I am a huge fan of Thai food and I wasn’t sure what to expect from the Cambodian cuisine as I’ve never even seen a Cambodian restaurant in the United States. As it turns out, it’s incredible and by the time I left the capital city I found myself wondering how it wasn’t as widespread as Thai and Chinese dishes. Honestly, signature dishes like the Lok Lak and Amok Chicken are still to this day some of the best Asian food I have ever had anywhere, easily beating out my favorite Thai plates.
Even better was the street food! Just as the sun sets the walking streets of downtown, commonly referred to as Pub Street area, were jam packed with better food cart options than Bangkok and at even better prices. Below is a guide to gluttony on the cheap in a town that could just as easily be praised for its food scene as the ancient temples.
Lilypop Restaurant: Stumbled upon this place the first night in the city and after reading the few reviews I could find online (it’s very new) gave it a shot. Turns out it’s one of the best places to eat in the city and has quite a reputation with the locals as well. Don’t expect ambiance or A/C as it’s an 8 table joint operating out of a very small building but the food more than makes up for it. The owner/operators are a French expat and his Cambodian wife and together they serve up some unforgettable dishes. You MUST get the Lok Lak and Amok Chicken here, go for the King size with extra meat and a fried egg to top the rice. I tried both dishes (staples of Cambodian cuisine) at many places and Lilypop won by a mile. Everything is cooked fresh to order and I don’t think they have a dish on the menu that costs over $3 USD! Be prepared to wait if the place is full but come off peak hours and you’ll probably be the only one there.
Other Cambodian Cuisine Restaurant Options: While there are indeed hundreds of sit down joints in the city they can be very hit or miss, particularly if you’re on a backpacker budget. Don’t worry about finding a place as the hosts are incredibly aggressive and active, typically out on the street trying to usher passerby inside. I even tried a few other places with good reviews but was simply never satisfied. If you’re only there for a few days in my honest opinion you cannot go wrong having dinner at Lilypop every night. I know this is a crazy recommendation but trust me, it’s that good. They have plenty to choose from and the value there is simply incredible. I don’t think you could pay double or triple and get the same dish made better elsewhere. Just my two cents though!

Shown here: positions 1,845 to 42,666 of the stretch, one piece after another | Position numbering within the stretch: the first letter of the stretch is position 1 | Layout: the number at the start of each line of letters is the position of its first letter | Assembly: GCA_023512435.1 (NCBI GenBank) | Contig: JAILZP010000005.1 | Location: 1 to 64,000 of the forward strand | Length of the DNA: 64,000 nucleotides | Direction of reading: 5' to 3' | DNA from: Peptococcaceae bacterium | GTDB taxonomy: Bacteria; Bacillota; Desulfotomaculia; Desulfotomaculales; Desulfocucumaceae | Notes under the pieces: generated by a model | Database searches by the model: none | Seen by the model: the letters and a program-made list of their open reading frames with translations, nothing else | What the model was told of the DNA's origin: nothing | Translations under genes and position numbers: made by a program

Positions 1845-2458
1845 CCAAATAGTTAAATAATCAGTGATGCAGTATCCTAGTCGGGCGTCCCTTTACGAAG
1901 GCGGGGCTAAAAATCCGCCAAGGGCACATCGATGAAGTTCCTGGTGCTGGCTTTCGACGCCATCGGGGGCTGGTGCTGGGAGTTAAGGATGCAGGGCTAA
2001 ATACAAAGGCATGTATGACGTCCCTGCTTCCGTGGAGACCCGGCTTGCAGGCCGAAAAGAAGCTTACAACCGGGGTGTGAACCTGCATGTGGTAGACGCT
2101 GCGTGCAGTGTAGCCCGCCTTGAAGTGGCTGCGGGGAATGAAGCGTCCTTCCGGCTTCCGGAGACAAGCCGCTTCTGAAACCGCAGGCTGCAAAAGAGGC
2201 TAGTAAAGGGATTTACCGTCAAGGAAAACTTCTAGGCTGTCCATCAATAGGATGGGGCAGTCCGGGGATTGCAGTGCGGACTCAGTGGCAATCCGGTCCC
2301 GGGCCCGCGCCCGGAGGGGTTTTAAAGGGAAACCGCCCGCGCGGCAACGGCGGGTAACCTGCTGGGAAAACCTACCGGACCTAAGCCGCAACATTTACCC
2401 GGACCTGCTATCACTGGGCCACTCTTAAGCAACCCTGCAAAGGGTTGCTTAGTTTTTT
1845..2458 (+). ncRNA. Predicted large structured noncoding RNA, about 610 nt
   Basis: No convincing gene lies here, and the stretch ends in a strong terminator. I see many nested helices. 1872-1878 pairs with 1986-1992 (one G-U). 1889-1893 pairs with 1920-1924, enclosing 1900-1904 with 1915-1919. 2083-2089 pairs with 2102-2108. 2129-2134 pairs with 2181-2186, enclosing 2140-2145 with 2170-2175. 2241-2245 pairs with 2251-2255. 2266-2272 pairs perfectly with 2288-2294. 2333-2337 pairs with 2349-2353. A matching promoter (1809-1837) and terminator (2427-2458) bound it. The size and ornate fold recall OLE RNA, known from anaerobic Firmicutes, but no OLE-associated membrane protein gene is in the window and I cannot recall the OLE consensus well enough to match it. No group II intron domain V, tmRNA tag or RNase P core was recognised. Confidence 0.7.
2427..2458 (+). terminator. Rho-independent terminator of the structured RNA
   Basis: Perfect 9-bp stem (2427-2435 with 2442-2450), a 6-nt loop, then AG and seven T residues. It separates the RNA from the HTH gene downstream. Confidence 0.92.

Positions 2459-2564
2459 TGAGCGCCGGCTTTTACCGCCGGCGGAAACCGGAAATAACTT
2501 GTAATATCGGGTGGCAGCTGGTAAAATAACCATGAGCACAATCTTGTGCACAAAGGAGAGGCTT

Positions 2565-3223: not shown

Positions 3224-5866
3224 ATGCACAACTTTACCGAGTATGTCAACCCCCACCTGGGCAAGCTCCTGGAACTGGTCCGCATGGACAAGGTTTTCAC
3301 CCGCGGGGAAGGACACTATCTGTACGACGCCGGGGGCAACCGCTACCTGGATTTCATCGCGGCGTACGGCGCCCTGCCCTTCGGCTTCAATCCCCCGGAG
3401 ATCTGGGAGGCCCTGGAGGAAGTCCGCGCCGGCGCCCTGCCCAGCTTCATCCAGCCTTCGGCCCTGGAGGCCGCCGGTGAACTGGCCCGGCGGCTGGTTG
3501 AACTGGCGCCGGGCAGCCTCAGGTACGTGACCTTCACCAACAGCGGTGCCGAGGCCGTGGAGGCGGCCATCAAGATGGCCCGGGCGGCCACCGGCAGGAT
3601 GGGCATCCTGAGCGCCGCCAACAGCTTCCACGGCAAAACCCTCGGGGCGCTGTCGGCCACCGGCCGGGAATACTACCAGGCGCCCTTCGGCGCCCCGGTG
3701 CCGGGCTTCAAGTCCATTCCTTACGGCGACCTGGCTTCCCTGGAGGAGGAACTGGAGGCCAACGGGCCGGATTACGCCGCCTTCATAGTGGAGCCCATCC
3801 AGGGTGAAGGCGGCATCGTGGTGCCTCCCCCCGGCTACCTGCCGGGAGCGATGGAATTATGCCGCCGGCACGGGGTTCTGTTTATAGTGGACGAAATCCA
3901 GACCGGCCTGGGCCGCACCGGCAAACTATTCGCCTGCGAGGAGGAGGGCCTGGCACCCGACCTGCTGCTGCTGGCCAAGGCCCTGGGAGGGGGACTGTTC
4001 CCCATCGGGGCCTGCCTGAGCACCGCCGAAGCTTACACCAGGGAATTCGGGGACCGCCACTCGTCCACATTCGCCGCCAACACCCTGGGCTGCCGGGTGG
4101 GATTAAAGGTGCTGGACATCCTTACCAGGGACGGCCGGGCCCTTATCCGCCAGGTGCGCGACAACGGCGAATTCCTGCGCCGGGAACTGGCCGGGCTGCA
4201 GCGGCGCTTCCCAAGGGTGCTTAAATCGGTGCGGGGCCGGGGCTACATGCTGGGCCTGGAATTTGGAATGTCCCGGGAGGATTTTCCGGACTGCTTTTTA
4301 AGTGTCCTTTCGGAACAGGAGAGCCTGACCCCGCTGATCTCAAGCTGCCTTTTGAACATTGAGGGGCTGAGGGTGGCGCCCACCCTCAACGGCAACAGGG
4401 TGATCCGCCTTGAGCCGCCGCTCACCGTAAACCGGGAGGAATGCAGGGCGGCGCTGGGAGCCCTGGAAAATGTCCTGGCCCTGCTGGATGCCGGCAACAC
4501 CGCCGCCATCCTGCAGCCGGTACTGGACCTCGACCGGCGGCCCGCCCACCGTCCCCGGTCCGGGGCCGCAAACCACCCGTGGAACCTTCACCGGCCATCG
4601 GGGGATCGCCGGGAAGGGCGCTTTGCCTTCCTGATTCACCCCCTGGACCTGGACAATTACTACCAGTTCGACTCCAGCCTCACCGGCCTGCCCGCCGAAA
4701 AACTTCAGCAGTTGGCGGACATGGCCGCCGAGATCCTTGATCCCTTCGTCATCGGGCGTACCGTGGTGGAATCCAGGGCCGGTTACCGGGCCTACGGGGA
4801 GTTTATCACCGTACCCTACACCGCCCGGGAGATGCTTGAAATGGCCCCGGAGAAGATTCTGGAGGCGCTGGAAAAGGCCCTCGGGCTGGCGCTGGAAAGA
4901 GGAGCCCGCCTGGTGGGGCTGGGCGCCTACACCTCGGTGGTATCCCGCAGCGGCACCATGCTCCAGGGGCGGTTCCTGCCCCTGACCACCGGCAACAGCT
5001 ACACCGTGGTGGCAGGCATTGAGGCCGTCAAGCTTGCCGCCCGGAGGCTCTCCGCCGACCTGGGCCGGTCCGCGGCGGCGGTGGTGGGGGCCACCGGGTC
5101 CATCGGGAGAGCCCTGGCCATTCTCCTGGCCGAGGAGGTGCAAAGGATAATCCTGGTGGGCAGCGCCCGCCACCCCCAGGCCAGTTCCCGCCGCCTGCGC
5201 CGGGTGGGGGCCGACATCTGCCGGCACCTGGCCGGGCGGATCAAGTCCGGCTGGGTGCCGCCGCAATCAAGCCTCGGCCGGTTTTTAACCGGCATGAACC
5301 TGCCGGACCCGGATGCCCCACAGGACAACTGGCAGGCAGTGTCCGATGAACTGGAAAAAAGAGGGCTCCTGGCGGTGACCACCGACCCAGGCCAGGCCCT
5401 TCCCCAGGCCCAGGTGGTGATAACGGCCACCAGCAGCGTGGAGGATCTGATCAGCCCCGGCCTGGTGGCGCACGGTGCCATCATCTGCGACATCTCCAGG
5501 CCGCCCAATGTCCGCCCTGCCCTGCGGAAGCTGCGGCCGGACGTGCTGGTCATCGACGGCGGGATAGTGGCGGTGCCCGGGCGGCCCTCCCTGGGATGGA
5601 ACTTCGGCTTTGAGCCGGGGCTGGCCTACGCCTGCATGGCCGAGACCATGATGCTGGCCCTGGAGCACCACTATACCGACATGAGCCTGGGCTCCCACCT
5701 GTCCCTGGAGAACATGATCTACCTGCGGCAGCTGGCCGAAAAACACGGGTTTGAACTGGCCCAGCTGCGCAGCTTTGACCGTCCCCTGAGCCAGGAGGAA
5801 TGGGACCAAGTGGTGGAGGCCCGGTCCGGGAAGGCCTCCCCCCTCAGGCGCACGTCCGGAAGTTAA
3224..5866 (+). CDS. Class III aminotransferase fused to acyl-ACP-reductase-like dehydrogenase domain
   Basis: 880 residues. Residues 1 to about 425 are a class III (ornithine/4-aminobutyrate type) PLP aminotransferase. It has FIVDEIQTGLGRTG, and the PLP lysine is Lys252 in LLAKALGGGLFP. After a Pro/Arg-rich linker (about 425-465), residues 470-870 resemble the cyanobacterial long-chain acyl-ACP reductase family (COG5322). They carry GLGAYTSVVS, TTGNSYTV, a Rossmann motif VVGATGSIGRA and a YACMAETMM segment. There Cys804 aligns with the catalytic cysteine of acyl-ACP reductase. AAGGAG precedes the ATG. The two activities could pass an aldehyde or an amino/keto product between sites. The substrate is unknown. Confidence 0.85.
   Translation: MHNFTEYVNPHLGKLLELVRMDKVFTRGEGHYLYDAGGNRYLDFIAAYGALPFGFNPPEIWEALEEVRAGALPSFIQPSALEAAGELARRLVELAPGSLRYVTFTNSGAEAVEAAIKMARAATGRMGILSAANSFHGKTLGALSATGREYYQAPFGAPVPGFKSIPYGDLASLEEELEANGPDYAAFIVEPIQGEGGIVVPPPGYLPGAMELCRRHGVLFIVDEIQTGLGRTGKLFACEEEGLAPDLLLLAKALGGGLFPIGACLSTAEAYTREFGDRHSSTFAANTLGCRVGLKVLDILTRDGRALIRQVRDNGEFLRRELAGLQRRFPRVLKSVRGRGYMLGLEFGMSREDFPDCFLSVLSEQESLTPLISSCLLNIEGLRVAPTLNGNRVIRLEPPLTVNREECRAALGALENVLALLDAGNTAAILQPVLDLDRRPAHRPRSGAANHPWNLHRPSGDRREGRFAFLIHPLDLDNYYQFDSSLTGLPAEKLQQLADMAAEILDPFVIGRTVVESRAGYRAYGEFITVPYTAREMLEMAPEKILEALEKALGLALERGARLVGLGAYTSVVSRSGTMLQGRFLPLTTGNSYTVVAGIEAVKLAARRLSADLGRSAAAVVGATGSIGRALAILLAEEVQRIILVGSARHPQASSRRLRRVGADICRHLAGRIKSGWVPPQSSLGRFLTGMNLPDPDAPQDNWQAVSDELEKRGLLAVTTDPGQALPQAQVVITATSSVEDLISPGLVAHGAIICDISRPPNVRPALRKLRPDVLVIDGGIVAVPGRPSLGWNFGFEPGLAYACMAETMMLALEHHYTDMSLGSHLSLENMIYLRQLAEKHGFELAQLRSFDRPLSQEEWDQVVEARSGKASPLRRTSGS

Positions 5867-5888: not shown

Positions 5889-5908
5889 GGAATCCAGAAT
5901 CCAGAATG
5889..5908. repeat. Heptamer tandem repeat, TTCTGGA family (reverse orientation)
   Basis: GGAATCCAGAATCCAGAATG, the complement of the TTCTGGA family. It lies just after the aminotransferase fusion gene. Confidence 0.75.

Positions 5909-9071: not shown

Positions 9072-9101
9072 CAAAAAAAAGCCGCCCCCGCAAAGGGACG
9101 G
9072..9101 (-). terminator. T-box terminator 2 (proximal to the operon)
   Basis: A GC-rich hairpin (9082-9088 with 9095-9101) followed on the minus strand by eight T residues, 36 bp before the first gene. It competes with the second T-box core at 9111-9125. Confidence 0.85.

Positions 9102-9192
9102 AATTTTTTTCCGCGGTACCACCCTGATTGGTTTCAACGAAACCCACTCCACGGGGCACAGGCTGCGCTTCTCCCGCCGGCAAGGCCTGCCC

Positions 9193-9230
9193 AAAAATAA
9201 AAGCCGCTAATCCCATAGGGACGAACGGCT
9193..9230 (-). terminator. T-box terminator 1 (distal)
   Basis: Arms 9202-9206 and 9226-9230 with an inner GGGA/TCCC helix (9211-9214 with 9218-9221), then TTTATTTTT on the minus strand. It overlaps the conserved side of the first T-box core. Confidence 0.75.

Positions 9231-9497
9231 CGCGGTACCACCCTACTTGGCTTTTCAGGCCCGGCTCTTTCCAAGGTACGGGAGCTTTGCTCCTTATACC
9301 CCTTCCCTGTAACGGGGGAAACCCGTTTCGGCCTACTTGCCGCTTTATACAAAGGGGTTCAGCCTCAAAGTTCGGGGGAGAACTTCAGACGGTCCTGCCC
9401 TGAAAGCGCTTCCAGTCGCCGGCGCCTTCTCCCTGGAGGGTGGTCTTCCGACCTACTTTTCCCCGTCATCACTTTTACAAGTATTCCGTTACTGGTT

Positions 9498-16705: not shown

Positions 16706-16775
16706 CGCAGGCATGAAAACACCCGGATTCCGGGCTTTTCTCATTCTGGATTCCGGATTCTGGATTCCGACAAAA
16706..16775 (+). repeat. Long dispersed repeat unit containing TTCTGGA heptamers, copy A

Non-Cambodian Cuisine Restaurant Options: Siem Reap’s dining options are truthfully shaped entirely by the influx of foreign tourists so if you’re craving some food from back home fear not! I was so in love with the local options that I never felt the urge but if you want a hamburger, pizza, fish and chips, tacos, etc just walk to Pub Street where you will find a couple dozen places to choose from. A warning, the prices are steep at these places so expect to pay essentially what you would back home. Another downside, from what I read in online reviews and confirmed with random customers as they left, quality is often quite disappointing. That being said if you want to mix it up with other travelers Pub Street is still the place to go without a doubt, just drown your sorrows with a pint or two of beer and swap travel stories.